It is true that the claimant was responsible for consistently passing on information about the defendant’s private Instagram posts and stories to The Sun, and that this was part of her history and practice of providing private information to the press, especially The Sun, with whom she had a very close relationship.

He said Rooney’s post accusing Vardy of leaking the stories “followed earlier warnings which the defendant had been forced to post publicly, as well as privately, as a result of information from her private social media accounts being leaked to The Sun”.

He added: “The defendant was so concerned that she even posted a number of fake stories on her private Instagram account in order to discover where the leak was coming from.”

Sherborne told the court Rooney conducted a “sting operation” to find out the source of the leaks, and “deliberately limited the accessibility to this private account and the sting operation stories” to just Mrs Vardy.

He said: “The fact that these sting operation stories also then appeared in The Sun, after access to her private account was limited to just the @beckyvardy account, is the reason why the defendant published the post which is the subject of this claim.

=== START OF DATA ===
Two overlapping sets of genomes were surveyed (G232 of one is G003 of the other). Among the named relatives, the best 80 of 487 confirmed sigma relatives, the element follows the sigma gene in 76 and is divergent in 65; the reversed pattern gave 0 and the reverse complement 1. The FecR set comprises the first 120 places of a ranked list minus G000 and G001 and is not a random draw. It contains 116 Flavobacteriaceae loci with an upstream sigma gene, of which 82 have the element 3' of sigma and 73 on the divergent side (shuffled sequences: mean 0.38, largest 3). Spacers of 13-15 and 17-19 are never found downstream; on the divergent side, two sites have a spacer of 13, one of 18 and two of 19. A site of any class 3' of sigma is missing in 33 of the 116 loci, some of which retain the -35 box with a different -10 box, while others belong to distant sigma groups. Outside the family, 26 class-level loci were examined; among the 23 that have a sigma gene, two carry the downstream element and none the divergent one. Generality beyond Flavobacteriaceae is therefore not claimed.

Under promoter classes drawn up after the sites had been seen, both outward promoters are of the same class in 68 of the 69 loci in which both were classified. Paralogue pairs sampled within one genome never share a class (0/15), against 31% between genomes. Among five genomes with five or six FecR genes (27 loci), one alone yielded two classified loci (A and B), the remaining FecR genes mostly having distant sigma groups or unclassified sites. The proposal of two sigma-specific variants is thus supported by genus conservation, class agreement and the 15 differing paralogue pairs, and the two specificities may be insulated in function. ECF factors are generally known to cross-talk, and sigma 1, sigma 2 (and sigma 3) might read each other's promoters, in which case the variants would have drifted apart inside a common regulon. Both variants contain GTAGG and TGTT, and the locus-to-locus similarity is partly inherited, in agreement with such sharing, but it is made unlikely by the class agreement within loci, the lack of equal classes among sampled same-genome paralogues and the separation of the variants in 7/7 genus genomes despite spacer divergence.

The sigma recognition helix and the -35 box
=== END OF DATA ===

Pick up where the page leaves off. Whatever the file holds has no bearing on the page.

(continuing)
The impression the reader would take away would be the essential message, that it was Rebekah Vardy’s account that was the source of private stories about the defendant appearing in The Sun – not Rebekah Vardy herself.

“The impression the post gives the ordinary reader stops short of guilt.”

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In her written claim filed with the court, Vardy said she had worried she would lose her baby because of the stress as she was pregnant at the time.

Her barrister wrote that she felt suicidal, took three trips to hospital due to her anxiety, and worried about either going into early labour or losing her baby due to the stress.

Tomlinson said: “The claimant has suffered extreme distress, hurt, anxiety and embarrassment as a result of the publication of the post and the events which followed.

“The abuse that followed the post made the claimant feel suicidal. She suffered from severe panic attacks and anxiety which manifested in being scared to leave her house.”

The filing detailed some of the ways Rooney’s post was reported and repeated on social media.

Following a tweet from Donald Trump, some users joked that Vardy was the new leader of the so-called Islamic State terror group, while others later said she was involved in the disappearance of Madeline McCann.

Tomlinson added:

Following the police announcing that a new suspect had been identified in the disappearance of Madeline McCann, the claimant (Mrs Vardy) was the subject of a number of highly distressing publications on Twitter alleging she was the suspect.

Social media users also posted that Vardy was involved in a potential hack of the mobile video-conferencing app Houseparty in March this year.

Neither Vardy nor Rooney attended the hearing at the Royal Courts of Justice in London.